Copper huge sell-off. Who is doing the buying?

Market activity rules!  It is the basis for understanding the motivation for all moves,
up or down.  If you want to know what smart money [controlling influences] is doing,
watch when volume activity picks up, especially at highs and lows for that is when a
transfer of risk from weak into strong hands occurs.

You do not have to pay attention to news, what others are saying about the market.  You
 get  far more accurate, and current information on where the market is headed by reading
what the market is saying about others.  This comes in the form of price/volume behavior.
Smart money is very deft at hiding their hand.  They move much larger positions, so it is
during high volume activity when one can best determine when they are active, and what
they may be doing.

One thing known about the markets is that the public does not generate high volume.
They respond to it.  The driving force behind sharp volume increases comes from 
controlling influences, what we call “smart money.”  Another thing known about markets
is that they never lie.  All they do is generate information available for everyone to read at
the same time.  Charts provide the proverbial pictures worth more money than words,
particularly when they reveal important knowledge.

Last week we posted our article, Copper – Poised For A Breakout.  The market broke
down, instead.  We always go with the developing market activity known at the time.
Change can only come when there is an unexpected change in market information.   On
the day when expectations were  for an upside breakout, the market did the opposite, a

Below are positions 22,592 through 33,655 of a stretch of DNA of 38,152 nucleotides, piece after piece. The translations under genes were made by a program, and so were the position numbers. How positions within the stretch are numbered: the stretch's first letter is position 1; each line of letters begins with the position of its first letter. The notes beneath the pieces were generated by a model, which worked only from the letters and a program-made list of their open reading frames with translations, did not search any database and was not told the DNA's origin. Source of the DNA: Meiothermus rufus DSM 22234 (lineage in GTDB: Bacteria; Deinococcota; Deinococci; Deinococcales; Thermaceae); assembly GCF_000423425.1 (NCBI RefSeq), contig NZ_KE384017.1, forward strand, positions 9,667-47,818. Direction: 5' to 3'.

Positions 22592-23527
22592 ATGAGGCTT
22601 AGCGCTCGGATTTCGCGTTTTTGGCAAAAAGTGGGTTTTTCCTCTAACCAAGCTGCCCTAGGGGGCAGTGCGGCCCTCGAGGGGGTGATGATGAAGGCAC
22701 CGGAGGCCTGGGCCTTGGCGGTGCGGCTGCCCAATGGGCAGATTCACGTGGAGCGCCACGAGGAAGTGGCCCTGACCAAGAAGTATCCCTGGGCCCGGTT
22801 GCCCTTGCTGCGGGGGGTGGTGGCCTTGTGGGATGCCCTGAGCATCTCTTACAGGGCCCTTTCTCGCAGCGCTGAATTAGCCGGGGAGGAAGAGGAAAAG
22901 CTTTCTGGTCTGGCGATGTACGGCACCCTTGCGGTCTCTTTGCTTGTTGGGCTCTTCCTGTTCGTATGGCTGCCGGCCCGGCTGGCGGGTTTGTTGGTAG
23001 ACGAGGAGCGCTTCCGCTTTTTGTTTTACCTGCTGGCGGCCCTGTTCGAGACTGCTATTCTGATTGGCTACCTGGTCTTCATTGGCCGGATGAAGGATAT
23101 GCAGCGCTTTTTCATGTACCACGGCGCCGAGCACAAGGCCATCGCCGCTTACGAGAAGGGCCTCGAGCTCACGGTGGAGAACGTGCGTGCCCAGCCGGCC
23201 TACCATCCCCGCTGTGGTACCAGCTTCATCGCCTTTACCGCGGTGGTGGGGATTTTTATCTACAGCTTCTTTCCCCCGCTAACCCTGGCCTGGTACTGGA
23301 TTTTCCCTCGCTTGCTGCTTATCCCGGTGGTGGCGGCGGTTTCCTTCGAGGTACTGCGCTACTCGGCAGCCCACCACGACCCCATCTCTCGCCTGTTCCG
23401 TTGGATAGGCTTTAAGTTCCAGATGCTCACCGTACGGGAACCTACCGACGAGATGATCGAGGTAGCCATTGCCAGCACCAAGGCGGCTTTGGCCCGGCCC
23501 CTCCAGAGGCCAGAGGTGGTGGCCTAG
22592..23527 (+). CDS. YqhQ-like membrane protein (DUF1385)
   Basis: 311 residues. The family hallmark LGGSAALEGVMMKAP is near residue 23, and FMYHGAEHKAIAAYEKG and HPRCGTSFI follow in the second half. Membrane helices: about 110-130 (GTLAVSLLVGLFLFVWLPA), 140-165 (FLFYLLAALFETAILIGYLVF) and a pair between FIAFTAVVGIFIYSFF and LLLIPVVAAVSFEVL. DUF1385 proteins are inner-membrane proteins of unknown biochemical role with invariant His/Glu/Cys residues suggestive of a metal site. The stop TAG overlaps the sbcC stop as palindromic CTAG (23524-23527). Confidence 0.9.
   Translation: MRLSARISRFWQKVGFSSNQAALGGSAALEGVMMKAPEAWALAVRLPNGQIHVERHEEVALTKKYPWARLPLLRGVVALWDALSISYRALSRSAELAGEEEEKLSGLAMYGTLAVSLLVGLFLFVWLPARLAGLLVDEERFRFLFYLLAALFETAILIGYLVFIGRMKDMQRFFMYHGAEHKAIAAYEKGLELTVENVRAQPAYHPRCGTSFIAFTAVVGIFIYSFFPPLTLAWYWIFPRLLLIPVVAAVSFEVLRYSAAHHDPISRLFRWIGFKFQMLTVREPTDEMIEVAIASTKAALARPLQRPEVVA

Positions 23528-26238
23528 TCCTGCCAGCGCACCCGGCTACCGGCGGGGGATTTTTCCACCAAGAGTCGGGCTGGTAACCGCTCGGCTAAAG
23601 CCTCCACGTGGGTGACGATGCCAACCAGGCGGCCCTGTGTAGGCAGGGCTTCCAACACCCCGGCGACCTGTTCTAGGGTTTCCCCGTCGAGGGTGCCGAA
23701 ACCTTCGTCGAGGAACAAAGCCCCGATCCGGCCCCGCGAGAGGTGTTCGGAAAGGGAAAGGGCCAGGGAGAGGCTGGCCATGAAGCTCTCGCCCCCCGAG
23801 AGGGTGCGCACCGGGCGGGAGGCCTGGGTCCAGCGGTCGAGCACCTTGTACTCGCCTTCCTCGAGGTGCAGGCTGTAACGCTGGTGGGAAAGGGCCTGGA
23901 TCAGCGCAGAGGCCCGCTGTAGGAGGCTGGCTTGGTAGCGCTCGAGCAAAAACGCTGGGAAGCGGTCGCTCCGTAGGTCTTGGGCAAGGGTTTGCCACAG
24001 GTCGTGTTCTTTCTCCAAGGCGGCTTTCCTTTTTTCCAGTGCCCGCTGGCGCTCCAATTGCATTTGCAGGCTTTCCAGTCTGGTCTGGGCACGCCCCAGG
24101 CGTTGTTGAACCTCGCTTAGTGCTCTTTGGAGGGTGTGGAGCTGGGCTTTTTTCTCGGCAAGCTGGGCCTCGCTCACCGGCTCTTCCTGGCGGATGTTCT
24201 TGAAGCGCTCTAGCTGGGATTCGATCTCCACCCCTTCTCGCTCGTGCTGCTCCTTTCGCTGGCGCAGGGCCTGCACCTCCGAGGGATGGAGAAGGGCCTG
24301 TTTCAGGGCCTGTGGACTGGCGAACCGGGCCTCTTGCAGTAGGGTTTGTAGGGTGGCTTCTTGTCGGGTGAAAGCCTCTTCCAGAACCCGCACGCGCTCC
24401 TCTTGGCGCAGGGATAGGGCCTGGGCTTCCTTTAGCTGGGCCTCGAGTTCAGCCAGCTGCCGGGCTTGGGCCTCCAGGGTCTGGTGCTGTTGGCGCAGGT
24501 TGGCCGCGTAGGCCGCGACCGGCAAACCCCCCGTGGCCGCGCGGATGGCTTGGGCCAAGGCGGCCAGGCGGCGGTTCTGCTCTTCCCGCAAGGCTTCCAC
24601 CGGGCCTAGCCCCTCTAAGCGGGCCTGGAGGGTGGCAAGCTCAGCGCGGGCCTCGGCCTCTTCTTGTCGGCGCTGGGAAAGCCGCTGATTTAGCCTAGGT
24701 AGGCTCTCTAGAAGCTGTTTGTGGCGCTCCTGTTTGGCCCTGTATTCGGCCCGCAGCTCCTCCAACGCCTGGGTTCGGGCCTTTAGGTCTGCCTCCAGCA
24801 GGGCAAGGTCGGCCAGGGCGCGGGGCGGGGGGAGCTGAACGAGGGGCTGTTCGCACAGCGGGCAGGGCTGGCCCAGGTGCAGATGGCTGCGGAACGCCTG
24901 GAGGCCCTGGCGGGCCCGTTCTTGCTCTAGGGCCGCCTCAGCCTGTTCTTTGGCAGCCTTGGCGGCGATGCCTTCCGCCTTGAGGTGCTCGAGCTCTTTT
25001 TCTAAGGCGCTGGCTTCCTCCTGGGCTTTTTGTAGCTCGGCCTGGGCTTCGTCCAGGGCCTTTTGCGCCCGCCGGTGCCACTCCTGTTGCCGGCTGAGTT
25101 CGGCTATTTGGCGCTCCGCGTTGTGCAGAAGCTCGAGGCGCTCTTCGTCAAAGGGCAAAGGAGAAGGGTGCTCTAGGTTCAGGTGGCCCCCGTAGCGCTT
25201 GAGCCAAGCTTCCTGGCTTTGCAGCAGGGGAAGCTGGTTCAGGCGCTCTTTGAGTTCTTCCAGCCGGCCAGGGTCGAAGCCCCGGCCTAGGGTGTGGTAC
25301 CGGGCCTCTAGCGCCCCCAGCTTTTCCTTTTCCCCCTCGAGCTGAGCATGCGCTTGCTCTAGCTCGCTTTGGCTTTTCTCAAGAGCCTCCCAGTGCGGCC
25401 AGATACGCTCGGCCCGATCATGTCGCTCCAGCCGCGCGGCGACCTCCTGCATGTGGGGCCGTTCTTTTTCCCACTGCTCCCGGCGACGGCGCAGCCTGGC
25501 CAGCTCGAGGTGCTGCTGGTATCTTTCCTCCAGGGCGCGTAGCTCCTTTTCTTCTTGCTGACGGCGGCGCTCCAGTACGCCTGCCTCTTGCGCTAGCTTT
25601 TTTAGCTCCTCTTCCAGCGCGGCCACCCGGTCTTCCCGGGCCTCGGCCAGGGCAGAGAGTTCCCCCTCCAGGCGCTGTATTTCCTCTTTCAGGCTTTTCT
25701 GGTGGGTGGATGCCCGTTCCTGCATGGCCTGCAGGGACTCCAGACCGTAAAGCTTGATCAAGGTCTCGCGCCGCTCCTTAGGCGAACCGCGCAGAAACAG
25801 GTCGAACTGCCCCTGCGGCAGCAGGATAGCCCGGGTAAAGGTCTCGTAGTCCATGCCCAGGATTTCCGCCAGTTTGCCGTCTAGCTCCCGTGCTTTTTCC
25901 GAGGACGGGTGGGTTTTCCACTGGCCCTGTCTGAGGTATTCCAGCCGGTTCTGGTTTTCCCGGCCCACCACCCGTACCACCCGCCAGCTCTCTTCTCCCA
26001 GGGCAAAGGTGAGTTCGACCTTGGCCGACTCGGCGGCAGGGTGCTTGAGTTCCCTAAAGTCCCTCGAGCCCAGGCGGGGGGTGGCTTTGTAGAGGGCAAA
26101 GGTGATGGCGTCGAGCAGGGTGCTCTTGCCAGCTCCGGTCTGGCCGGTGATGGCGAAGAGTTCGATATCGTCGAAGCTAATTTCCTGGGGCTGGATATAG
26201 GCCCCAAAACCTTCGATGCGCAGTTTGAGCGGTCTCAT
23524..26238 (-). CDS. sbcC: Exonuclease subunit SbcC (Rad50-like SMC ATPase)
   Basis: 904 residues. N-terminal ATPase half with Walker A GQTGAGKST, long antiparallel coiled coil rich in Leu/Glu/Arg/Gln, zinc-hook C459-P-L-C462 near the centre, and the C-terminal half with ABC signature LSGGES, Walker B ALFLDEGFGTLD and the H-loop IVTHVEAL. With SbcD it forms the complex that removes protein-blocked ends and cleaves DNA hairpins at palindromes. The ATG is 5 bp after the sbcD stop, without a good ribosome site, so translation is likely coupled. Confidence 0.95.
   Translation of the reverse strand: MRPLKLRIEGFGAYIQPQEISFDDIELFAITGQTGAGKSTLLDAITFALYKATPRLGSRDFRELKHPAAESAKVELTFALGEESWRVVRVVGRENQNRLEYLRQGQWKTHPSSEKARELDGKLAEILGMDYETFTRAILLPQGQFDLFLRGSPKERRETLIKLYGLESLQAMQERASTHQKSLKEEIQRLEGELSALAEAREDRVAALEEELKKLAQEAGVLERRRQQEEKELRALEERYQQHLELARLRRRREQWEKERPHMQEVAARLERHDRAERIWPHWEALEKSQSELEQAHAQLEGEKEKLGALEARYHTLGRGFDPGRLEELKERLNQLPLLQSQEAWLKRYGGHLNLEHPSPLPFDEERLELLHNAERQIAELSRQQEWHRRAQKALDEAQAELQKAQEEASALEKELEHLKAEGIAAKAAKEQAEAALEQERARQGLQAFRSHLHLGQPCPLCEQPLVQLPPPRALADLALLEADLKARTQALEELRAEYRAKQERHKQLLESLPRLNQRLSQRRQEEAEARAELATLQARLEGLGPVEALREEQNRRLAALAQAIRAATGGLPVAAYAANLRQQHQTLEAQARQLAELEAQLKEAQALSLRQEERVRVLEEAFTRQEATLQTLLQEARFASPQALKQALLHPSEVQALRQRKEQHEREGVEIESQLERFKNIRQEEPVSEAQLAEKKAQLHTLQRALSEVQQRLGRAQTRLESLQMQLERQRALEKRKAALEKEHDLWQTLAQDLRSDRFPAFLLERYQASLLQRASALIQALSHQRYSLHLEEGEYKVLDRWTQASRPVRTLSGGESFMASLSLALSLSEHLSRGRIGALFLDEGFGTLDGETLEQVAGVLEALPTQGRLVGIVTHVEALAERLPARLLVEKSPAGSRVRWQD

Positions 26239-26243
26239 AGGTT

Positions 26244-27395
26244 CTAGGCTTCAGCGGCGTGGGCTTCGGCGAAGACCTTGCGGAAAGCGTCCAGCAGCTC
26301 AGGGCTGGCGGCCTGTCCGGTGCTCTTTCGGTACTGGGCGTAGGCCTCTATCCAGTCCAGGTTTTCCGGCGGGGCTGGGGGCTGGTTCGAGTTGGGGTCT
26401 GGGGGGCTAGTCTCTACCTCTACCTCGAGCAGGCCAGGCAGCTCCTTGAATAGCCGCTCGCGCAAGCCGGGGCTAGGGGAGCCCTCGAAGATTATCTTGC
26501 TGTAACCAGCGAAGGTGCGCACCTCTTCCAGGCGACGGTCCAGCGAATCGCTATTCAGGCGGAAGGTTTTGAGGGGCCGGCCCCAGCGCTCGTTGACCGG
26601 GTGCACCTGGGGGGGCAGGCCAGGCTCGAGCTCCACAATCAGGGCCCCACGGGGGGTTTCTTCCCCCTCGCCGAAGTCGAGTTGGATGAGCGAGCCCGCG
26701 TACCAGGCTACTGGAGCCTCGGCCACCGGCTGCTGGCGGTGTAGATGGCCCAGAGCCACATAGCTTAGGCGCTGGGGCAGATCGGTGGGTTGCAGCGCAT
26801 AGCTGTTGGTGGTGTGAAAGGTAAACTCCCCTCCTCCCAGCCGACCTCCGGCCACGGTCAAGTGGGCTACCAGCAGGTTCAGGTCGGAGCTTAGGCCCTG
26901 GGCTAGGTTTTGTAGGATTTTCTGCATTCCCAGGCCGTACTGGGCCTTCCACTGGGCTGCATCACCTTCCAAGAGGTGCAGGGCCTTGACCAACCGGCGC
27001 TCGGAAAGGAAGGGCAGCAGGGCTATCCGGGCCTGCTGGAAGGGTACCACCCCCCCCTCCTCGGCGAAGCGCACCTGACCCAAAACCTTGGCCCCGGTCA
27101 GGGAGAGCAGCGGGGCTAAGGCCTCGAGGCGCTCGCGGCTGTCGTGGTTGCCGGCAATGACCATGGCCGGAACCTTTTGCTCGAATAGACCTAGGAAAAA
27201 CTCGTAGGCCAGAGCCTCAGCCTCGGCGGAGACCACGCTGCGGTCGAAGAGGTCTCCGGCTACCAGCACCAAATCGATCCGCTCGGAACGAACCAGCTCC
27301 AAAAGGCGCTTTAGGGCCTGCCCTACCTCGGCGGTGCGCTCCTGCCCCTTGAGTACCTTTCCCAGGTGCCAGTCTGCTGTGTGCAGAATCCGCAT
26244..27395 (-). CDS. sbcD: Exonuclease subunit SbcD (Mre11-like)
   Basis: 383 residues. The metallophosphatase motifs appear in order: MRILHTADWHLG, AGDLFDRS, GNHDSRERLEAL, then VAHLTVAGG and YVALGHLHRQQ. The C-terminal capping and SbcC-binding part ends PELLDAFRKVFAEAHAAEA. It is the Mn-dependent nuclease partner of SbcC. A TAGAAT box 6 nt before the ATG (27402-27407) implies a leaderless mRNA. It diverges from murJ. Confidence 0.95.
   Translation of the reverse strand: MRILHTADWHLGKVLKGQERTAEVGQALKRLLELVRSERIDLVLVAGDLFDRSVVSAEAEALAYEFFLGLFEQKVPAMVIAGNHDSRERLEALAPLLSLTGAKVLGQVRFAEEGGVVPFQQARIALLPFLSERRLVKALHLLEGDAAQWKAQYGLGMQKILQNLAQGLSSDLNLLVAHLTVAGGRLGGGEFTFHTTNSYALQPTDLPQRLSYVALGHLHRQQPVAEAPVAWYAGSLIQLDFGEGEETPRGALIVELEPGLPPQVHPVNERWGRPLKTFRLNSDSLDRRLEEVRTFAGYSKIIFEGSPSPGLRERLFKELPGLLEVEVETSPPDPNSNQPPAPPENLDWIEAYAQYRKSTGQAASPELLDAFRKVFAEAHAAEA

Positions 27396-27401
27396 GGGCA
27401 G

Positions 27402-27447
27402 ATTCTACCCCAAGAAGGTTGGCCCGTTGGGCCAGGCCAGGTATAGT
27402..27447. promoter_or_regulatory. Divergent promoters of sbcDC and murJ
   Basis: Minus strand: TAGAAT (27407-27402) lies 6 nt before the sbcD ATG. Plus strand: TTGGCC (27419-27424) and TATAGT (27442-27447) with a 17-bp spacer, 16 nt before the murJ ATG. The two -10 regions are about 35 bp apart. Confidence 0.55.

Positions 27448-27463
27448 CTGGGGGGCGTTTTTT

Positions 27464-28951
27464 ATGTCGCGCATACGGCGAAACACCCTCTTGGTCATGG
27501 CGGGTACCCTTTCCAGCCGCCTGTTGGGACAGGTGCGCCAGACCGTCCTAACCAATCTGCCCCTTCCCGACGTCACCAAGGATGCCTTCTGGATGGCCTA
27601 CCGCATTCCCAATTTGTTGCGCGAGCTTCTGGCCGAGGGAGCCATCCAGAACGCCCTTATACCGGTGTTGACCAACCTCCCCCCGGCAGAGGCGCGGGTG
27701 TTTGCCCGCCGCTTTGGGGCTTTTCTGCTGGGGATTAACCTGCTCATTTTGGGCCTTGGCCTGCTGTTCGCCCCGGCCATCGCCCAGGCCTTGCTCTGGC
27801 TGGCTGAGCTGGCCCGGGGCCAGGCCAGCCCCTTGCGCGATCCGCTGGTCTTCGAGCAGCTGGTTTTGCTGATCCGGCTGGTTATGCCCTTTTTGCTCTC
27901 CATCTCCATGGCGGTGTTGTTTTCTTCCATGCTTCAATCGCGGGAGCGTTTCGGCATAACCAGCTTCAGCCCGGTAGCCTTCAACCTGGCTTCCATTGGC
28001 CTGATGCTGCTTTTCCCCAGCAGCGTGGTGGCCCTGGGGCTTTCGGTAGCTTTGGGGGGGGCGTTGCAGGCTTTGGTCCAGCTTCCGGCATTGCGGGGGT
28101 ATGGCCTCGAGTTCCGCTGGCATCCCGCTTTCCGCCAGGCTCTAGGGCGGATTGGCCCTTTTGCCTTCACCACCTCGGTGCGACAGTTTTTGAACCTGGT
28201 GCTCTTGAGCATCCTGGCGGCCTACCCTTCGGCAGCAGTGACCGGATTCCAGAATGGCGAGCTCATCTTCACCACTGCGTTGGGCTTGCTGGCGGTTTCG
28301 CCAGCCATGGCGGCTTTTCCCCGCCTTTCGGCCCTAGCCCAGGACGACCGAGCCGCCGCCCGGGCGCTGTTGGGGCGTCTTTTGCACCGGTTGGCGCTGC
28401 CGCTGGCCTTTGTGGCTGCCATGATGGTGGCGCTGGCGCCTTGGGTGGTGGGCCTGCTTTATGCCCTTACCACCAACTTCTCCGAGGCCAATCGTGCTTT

very powerful message.  It can be difficult to adjust to abrupt market moves, but that is
what stops are for.

Were we wrong in the analysis?  Absolutely, and not for the first time.  It is okay to be
 wrong.  The most important part is not to be wrong for long.  Just move on to the next 
trade because profitable opportunities are always coming along.  We deal in markets,
not egos.

It is newly developing market information that either confirms or negates one’s position.
To succeed in trading, one must always be flexible and go with the will of the market and
not the will of the ego.  What was is past tense and will not change.  To survive, one must
move forward and change with the market.

The monthly chart is from our last article, with an added comment.  Anything can happen.

A valuable lesson to learn about the markets is that the factual activity, in the form of
 various bar ranges, from small to large, with accompanying volume, from low to high, 
and so much in between; these known market facts take precedence over any and all
formations imposed on the chart structure.  A triangle, a wedge, a trend line?  They can
be helpful as guides, but the bar/volume structure is supreme.

We never use mechanical tools, like moving averages, RSI, Bollinger Bands, MACD, etc.
They work, occasionally, as does a stopped clock: deadly accurate twice a day.  They are
past tense-derived market activity imposed upon the present tense, and the two are often
not related, except in the user’s mind that “sees” a relationship.

The most important information on the weekly chart is the high volume from last week. 
A lot of longs were liquidating, and losses mounted for those late in acting.  The question
 not enough ask is, “Who was on the other side, doing all the buying?”

As an aside and pertinent to our non-use of mechanical tools, how helpful were they in last 
week’s dramatic change?  Rely upon past tense tools at peril, from our perspective.

(The full article is available at Edge Trader Plus)

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